Mexican-born soldiers take separate paths home
One Iraq fighter returns to celebrate as another comes back for burial
By ALFREDO CORCHADO / The Dallas Morning News
SAN LUIS DE LA PAZ, Mexico – It was a sobering Fourth of July for two members of the U.S. Armed Forces: one came home to his mother's warm hug, the second to the tears and pain of his surviving family.
On Sunday, with fellow U.S. Marines carrying his flag-draped casket, Lance Cpl. Juan Lopez Rangel was buried in his beloved hometown in this central state of Guanajuato. He was killed in a strange land half a world away, fighting for a country he barely knew, yet had eagerly embraced as his own.
In contrast, 200 miles north in the state of Zacatecas, U.S. Army artillery Spc. Roy Almeida also came home to celebrate his Fourth of July birthday. A few days before, while his mother was making his favorite guacamole tacos, the young soldier learned of Cpl. Lopez's death. He paused for a minute, fighting tears.
"It's sad, real sad, awful, I just hope that my name doesn't appear on that list [of dead] someday," he said. "Many lives would be devastated on both sides of the border."
The funeral of a U.S. Marine and the birthday homecoming of an Army soldier on Mexican soil – on the most American of holidays – epitomized the borderless lives of these young men who never met, but who lived parallel lives in two nations they called home.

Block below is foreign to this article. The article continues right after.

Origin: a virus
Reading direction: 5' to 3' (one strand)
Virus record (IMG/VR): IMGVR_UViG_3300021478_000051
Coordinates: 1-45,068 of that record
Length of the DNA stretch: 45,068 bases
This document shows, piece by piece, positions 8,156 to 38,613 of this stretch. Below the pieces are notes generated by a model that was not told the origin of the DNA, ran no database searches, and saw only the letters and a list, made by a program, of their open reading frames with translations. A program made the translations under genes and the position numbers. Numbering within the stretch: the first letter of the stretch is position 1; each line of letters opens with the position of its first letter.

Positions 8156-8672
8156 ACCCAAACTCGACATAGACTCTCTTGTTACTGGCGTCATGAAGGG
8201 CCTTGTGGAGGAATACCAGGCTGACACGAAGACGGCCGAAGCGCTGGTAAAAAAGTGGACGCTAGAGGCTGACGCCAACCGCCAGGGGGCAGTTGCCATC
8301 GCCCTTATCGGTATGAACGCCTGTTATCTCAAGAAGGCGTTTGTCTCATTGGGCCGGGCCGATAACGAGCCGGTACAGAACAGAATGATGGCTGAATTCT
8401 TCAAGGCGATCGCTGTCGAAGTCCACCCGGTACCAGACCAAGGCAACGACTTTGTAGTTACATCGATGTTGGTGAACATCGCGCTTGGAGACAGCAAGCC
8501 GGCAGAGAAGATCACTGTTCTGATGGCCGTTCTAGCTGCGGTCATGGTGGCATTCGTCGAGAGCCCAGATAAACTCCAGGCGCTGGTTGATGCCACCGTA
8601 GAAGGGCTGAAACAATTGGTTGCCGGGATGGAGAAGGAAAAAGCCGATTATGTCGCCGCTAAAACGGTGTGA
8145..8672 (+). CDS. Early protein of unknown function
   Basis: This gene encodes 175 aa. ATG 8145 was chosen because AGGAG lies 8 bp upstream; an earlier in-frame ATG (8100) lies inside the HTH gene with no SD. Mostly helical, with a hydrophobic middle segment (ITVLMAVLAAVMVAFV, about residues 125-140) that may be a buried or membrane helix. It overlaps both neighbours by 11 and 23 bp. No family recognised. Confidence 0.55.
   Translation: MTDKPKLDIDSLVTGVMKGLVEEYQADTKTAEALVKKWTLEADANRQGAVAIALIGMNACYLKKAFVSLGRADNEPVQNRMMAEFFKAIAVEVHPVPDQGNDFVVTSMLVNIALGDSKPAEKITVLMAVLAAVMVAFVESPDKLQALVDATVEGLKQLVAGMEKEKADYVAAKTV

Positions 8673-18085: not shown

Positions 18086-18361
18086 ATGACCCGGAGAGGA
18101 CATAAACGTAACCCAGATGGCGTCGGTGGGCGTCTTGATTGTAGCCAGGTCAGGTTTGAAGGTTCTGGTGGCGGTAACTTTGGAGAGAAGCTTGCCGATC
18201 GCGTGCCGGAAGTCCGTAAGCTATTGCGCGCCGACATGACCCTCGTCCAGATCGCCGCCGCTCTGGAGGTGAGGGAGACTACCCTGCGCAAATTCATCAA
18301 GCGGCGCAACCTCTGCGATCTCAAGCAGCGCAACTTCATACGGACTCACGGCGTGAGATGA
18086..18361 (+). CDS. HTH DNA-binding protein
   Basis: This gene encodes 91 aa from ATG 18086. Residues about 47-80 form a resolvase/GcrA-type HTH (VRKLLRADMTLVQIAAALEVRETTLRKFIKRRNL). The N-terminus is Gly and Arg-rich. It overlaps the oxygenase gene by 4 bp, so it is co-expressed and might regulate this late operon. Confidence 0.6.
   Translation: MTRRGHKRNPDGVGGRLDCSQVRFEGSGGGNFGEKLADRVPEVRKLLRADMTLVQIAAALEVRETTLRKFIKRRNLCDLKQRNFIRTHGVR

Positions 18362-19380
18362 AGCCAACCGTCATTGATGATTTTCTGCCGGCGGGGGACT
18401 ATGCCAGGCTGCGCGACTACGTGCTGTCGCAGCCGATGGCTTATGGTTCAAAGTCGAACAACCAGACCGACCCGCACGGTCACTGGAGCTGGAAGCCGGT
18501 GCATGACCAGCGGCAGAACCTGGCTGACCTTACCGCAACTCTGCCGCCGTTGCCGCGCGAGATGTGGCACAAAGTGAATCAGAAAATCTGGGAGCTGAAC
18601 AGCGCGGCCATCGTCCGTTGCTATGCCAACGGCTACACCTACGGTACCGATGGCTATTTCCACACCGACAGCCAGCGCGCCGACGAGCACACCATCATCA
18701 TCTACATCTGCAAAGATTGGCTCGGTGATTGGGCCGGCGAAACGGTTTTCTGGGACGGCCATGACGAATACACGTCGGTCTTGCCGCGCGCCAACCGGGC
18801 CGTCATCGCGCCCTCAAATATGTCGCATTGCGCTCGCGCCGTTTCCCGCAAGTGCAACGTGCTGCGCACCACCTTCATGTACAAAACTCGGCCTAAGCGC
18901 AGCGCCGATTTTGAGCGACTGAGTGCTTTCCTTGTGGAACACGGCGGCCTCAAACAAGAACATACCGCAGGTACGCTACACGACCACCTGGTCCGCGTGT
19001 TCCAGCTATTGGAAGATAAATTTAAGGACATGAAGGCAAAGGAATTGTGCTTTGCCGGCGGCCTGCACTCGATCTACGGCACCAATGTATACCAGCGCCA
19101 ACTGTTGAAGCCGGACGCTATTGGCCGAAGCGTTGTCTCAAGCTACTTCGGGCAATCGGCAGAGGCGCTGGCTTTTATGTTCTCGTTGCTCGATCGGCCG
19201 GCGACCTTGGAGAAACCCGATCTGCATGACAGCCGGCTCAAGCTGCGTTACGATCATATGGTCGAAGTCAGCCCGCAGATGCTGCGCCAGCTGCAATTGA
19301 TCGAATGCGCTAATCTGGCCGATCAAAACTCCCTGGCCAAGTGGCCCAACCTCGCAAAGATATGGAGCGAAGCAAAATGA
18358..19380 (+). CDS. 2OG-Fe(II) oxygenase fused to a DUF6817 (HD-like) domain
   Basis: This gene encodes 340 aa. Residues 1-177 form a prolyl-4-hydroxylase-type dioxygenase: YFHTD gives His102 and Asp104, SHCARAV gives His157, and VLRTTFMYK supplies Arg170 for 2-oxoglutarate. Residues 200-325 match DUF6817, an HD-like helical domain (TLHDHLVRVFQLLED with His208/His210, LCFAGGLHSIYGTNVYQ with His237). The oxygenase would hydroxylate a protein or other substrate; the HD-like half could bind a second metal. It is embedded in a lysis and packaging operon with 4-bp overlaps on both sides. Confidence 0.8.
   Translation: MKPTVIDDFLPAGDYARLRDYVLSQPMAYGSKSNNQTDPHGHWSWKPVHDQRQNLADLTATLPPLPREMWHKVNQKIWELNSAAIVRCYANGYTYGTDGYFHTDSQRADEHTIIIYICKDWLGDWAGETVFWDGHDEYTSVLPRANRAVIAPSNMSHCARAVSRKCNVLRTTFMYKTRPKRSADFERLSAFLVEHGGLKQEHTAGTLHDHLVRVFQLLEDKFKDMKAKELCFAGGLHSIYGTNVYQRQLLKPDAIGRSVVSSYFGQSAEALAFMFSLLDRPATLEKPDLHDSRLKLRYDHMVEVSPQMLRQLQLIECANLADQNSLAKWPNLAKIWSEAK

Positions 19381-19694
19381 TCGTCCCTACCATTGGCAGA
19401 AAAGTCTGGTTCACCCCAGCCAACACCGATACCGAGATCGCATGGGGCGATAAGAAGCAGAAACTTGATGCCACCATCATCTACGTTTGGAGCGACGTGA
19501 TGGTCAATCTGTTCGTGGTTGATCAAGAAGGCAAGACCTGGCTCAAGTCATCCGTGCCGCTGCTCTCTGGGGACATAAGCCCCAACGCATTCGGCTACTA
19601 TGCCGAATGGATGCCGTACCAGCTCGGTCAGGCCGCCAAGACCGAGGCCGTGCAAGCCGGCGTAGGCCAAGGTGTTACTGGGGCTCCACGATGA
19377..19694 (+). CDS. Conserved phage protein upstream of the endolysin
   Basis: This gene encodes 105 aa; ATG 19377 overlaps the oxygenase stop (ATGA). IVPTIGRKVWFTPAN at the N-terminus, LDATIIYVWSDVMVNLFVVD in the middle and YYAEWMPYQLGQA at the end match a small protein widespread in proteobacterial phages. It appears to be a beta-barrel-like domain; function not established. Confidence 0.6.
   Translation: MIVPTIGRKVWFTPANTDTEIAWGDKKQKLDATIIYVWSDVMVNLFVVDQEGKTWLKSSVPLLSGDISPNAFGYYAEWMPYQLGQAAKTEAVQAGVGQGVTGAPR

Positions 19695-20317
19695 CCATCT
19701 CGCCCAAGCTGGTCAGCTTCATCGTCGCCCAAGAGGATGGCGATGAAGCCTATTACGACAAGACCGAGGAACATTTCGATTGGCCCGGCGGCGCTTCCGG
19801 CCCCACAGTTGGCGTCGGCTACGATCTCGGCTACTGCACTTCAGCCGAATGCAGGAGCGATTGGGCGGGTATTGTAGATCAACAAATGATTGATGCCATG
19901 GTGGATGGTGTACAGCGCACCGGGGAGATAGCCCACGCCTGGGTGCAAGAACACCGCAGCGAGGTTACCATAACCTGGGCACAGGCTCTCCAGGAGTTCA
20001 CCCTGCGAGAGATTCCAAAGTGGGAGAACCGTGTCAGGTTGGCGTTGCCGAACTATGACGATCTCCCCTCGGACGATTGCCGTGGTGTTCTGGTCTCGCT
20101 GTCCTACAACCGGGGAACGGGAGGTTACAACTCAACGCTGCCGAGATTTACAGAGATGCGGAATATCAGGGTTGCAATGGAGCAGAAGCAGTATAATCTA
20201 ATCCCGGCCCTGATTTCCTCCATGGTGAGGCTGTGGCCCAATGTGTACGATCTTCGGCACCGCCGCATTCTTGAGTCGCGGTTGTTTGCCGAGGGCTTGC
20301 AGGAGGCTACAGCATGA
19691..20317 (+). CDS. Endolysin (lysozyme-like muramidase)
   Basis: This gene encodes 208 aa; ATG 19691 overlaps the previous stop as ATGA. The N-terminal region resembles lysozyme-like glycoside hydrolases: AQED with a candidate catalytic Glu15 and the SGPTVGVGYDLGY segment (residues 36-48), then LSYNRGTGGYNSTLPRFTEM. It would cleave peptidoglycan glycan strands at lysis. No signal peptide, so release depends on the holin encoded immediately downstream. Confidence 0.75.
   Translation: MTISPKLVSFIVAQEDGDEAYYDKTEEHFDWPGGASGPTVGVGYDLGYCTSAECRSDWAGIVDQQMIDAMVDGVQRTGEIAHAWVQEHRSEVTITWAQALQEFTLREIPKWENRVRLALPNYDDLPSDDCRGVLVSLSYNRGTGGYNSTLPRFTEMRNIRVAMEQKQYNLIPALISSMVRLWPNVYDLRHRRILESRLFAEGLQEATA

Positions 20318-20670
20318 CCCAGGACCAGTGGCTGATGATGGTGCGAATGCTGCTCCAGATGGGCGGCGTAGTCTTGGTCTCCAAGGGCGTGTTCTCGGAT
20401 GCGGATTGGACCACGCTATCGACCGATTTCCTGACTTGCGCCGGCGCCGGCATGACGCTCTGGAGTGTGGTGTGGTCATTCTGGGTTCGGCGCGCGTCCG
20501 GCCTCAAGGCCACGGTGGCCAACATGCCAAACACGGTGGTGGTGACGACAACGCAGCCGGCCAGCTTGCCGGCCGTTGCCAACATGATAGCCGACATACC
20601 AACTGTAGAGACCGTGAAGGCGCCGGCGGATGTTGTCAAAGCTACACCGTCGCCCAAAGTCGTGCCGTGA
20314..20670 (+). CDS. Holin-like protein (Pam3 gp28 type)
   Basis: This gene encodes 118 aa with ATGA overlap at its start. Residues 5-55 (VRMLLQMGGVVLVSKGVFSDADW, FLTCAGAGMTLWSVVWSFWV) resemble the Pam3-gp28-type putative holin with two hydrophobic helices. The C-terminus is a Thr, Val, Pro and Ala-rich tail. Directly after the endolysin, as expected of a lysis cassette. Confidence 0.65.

Spc. Almeida is a U.S. citizen, born in 1983 to undocumented workers
in Torrance, Calif., and reared in Mexico before finally settling in Duncan,
Cpl. Lopez, 22, a legal resident, was posthumously awarded U.S. citizenship Sunday. He was laid to rest in San Luis de la Paz, 170 miles north of Mexico City, amid flags, Marines and traditional Mexican songs and ceremonies.
A life lived on both sides of the border culminated during his funeral procession. His elementary school marching band, where Mr. Lopez once played the trumpet, led the way. Mariachis played Mexican fight songs and traditional farewell songs. Marines who flew in from Camp Pendleton, Calif., including three from his platoon, stoically followed the hearse through the narrow streets to San Luis Del Rey de Francia Catholic Church.
"My brother was as Mexican as salsa and tequila," said his brother Enrigue, 37. "But he loved his new country, too, especially his Marine brothers."